Review: My Eyes Went Dark
A frankly stunning performance
Friday nights in Cam are not usually spent stalking a Russian man after the brutal death of his wife and kids in a plane crash. Yet my 7pm date with My Eyes Went Dark was well worth it.
Just a week ago, this caterpillar of a performance had just started rehearsals. Out of its cocoon has emerged a spellbinding and frankly stunning play which was sincerely the best piece of theatre I have seen in Cambridge. (And no, my cynical amigo, I’m not mates with any of the cast).
Composed of one actor and one actress, Nikolai Koslov (Jerome Burelbach) and Marya Koslov et al (Mollie Semple), the play is unusual. Both actors skilfully mix passionate drama with delicate asides. Burelbach captures his character perfectly from the get-go, and his lines are frosted with a superb soft Mitteleuropa accent which adds a child’s pencil-case of colour to the troubled Russian. Flitting between multiple characters is a job even a West End veteran would struggle with, but Semple does it with class. Her casual dialogue with Nikolai especially during the intimate scenes is pitch-perfect.
Generally the actor/actress rapport is capital-O Organic, producing some top-class extended dialogue that was riveting to watch. One episode, where Nikolai leads a young girl around his house, is almost worth the £6 fee itself.
The acting quality is equalled by the tech. The sound engineering is incredibly atmospheric, adding an intense fug to the stage despite a drought of props. Softly trickling water and birdsong captured a rural Russia to perfection, and the plane noises served as an impressively sharp signal of scene change. Lighting visuals are all A1, and the use of reds and greens is a profitable innovation by lighting designer Daphne Chia.
The use of levels is also a slick asset to this play. A dejected and depressed Nikolai slumps low in the chair at the start, circled by Semple as alternating lawyer, corporate hack, and shrink. Later we see Nikolai standing, confident but driven by anger. If this is a conscious choice, it is a clever one.
Lastly, snappy dialogue and even snappier scene-switches make the production super clean. Running time is around 75 minutes, which sparks suspicions that the play carries a thick midriff of verbal flab, but the script is a lean and low-fat product. This was much to the pleasure of some audience members who are partial to a Thursday Lola’s (I spotted no one dozing off.) Credit here to the director Oliver Jones.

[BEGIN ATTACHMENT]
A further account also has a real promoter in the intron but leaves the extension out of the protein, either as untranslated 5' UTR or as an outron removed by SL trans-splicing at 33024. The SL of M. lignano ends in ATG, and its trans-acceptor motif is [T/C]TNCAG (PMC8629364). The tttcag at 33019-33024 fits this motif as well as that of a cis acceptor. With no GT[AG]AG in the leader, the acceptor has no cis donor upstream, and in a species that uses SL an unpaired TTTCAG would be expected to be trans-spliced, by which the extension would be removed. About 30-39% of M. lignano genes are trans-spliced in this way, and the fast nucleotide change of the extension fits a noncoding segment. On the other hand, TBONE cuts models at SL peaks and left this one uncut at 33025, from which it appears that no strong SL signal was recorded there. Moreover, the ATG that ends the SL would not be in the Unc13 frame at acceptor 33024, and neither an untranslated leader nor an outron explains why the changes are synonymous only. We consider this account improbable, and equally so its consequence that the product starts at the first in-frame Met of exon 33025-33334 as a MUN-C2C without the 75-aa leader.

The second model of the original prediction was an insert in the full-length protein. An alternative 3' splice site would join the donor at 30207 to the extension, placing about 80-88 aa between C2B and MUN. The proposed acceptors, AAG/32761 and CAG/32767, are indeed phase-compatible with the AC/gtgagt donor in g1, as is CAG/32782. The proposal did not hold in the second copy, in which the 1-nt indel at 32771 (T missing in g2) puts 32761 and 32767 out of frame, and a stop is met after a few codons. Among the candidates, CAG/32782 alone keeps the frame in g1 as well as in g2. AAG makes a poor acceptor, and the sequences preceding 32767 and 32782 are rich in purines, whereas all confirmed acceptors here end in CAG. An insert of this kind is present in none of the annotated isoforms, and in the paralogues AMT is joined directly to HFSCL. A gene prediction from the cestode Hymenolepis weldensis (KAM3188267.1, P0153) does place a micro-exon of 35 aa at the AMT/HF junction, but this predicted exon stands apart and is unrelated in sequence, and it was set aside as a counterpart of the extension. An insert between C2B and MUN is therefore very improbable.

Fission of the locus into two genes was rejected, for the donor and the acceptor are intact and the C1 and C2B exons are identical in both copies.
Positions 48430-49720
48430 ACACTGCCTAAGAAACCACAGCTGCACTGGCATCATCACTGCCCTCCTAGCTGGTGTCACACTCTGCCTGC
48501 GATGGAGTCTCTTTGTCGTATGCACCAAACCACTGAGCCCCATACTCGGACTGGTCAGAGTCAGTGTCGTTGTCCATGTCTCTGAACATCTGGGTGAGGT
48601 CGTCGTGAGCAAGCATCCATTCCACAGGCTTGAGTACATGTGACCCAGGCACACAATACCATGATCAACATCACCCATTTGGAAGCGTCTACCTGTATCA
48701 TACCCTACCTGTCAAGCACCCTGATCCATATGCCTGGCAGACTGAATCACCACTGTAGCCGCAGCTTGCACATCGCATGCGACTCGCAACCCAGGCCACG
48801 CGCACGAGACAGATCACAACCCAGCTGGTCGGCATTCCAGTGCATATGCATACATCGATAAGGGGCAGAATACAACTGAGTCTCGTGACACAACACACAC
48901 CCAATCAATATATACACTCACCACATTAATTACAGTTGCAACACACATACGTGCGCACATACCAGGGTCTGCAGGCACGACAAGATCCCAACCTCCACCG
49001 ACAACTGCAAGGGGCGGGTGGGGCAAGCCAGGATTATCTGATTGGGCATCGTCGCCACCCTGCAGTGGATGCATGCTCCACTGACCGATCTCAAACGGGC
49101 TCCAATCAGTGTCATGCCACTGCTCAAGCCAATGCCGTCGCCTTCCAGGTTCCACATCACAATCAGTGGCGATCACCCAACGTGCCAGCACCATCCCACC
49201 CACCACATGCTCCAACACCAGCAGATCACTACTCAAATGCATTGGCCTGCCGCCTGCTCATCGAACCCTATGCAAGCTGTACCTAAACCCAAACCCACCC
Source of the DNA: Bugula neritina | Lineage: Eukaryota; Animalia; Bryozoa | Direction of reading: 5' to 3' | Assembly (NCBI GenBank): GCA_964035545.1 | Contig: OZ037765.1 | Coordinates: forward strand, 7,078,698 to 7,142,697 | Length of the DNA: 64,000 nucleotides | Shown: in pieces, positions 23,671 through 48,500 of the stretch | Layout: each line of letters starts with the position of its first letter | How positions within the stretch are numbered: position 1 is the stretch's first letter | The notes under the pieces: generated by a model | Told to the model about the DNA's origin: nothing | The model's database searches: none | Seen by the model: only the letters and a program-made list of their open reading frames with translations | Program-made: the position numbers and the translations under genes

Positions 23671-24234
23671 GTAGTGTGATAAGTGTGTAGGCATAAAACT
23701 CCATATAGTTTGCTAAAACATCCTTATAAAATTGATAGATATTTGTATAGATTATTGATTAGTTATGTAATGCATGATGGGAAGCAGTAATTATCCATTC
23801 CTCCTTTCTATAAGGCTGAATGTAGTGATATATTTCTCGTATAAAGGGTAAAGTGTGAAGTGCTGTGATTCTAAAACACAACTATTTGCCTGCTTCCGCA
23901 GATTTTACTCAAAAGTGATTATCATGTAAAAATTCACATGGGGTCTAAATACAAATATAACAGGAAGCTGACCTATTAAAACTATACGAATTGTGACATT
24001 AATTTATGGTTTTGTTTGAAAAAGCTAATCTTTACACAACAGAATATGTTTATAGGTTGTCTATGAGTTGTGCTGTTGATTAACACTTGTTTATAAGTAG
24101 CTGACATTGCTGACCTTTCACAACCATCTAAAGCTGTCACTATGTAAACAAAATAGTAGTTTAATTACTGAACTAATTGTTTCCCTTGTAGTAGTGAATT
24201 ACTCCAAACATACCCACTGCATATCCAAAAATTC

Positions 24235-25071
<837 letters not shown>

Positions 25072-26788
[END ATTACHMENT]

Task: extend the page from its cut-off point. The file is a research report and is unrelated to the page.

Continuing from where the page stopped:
Glitches, like giant pandas, were rare but present. Delivery is a minor issue at the start. Burelbach mumbled a bit into his rather impressive beard, which meant the endings of some sentences were lost. Semple felt a little too ‘jilted BBC newsreader’ in her initial slow monologues. The harsh white backdrop is deliberate but I feel, given the strongest scenes are in Ossetia, a splodge of rural-Russian green would be a welcome addition to the palette. All these, though, were the personal opinions of my hyper-critical eye. I’m sure some will sneer that a 5* performance should be flawless, but, as the play reminds us, even Jesus himself walked the Earth with scars on his body.
Masculinity and its troubled relationship with emotion are currently a hot topic in Cantab discourse. My Eyes Went Dark responds to the trials of the alpha-male Russian man in interesting ways: sympathetically, coldly, financially, and with violence.
So, My Eyes Went Dark is difficult theatre. Difficult theatre does not usually prosper in Cambridge – either it is avoided by thesps as it will not pull audiences, or it is cursed with a cancer of extreme edginess that gives the cast a collective amnesia such that they forget the whole point of a performance is to tell a story.
Given the quality of this production it is a shame it was relegated to the Corpus Playroom over its big brother. Even if your blood type, like mine, is not ADC-positive, this play is a must-see. It is bloody intense, but so is your DOS, and you pay 9 grand, not £6, to see them. Bargain, to be honest.